traditional IRA

Traditional IRA Contribution Limits for 2022

Once again, retirement savers won’t be able to contribute more to a traditional IRA.

Unfortunately for retirement savers, the maximum amount that you can contribute to a traditional IRA won’t increase yet again for 2022. However, the income ranges for the traditional IRA deduction have ticked up.

2022 IRA Contribution Limits

The maximum amount you can contribute to a traditional IRA for 2022 is $6,000 if you're younger than age 50. Workers age 50 and older can add an extra $1,000 per year as a "catch-up" contribution, bringing the maximum IRA contribution to $7,000. You must have earnings from work to contribute to an IRA, and you can't put more into the account than you earned.

Your 2022 IRA contributions may also be tax-deductible. If you—and your spouse, if married—don't have a retirement plan at work such as a 401(k), you can deduct the full contribution to your traditional IRA on your tax return no matter how much you earn. You have until the federal tax filing deadline to make your IRA contribution for the previous year.

Even if you have a retirement plan through your job, you may still be able to deduct some or all of your contribution depending on your income. For 2022 IRA contributions, the amount of income you can have and still get a full or partial deduction rises from 2021. Singles with modified adjusted gross income of $68,000 or less and joint filers with income of up to $109,000 can deduct their full contribution for the 2022 tax year. Deductions thereafter decrease and phase out completely once income reaches $78,000 for singles and $129,000 for joint filers.

Be aware that you generally must have earned income to contribute to an IRA. But if you're married and one of you doesn't work, the employed spouse can make a contribution into a so-called spousal IRA for the other.

You can open a traditional IRA through a bank, brokerage, mutual fund or insurance company and invest your IRA money in stocks, bonds, mutual funds, exchange-traded funds and other approved investments.

Why Save for Retirement in an IRA?

Traditional IRAs are best for people who are looking for an immediate tax deduction or believe their tax bracket will be lower in the future. For instance, this could include those who will retire soon and believe their income will be less.

Eventually, you will have to pay taxes on your traditional IRA. Your withdrawals will be subject to ordinary income tax. On top of that, if you take the money out before turning age 59 1/2, you can be hit with a 10% penalty. You will also be obligated to take required minimum distributions (RMDs) after you turn age 72, so you won't be able to avoid the IRS forever.

Roth IRAs vs. Traditional IRAs

The tax rules differ for contributions to a Roth IRA, which aren't tax-deductible. Money instead goes into a Roth IRA after taxes have been paid on it, and you can withdraw contributions at any time free of taxes or penalties. The earnings can also be withdrawn tax- and penalty-free once you have owned the Roth for five years and you're at least age 59 1/2. Also, Roth IRAs don't have required minimum distributions. The amount that can be contributed to a Roth IRA is subject to income limits.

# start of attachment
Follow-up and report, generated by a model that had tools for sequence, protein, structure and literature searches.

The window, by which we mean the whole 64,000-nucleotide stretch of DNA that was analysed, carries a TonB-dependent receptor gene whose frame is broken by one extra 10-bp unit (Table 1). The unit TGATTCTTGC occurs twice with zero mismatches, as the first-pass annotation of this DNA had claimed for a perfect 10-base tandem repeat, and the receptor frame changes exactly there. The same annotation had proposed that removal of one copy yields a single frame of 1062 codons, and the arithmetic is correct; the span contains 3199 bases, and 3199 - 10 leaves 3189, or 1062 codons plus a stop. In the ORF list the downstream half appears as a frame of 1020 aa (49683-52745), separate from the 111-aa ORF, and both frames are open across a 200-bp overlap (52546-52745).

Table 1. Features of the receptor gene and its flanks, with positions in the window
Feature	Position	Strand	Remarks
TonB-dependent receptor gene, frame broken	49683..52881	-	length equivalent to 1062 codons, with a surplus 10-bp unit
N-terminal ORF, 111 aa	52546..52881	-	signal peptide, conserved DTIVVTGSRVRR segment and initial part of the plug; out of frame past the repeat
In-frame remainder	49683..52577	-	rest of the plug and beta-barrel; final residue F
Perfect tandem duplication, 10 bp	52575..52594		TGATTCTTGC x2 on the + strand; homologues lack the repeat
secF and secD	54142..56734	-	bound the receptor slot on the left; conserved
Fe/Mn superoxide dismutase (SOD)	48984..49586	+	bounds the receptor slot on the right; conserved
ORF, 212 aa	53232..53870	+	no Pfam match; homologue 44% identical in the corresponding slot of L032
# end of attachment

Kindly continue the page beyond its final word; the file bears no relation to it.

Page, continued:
If you can afford to contribute the full $6,000 in 2022 without the help of the tax deduction (which reduces the out-of-pocket cost of a $6,000 contribution to just $4,680 for someone in the 22% bracket) you may be better off saving for retirement in a Roth IRA.

One final note: If you invest in both a traditional IRA and a Roth IRA, the total amount of money you can contribute to both accounts can't exceed the annual limit of $6,000 ($7,000 if 50 or older). If you do exceed it, the IRS might hit you with a 6% excessive-contribution penalty.

Most Popular

Your Guide to Roth Conversions
Special Report
Tax Breaks

Your Guide to Roth Conversions

A Kiplinger Special Report
February 25, 2021
The 12 Best Tech Stocks to Buy for 2022
tech stocks

The 12 Best Tech Stocks to Buy for 2022

The best tech-sector picks for the year to come include plays on some of the most exciting emergent technologies, as well as several old-guard mega-ca…
January 3, 2022
How to Know When You Can Retire

How to Know When You Can Retire

You’ve scrimped and saved, but are you really ready to retire? Here are some helpful calculations that could help you decide whether you can actually …
January 5, 2022


2021 Tax Returns: What's New on the 1040 Form This Year
tax filing

2021 Tax Returns: What's New on the 1040 Form This Year

Don't get caught off guard this tax season. Familiarize yourself with potential changes for your 2021 tax return before tackling your 1040.
January 21, 2022
Traditional IRA Basics: 10 Things You Must Know

Traditional IRA Basics: 10 Things You Must Know

A traditional IRA can be a powerful retirement-savings tool but you need to understand contribution limits, RMDs, rules for beneficiaries under the SE…
November 22, 2021
An RMD Deadline is Looming – And Missing It Could Cost You Big Bucks
required minimum distributions (RMDs)

An RMD Deadline is Looming – And Missing It Could Cost You Big Bucks

If you're age 72 or older, take your required minimum distribution now to avoid a big penalty or a double-dip next year.
November 17, 2021
Saver's Credit: A Retirement Tax Break for the Middle Class
Tax Breaks

Saver's Credit: A Retirement Tax Break for the Middle Class

If your income isn't too high, contributing to a retirement account could help you lower your tax bill now.
November 11, 2021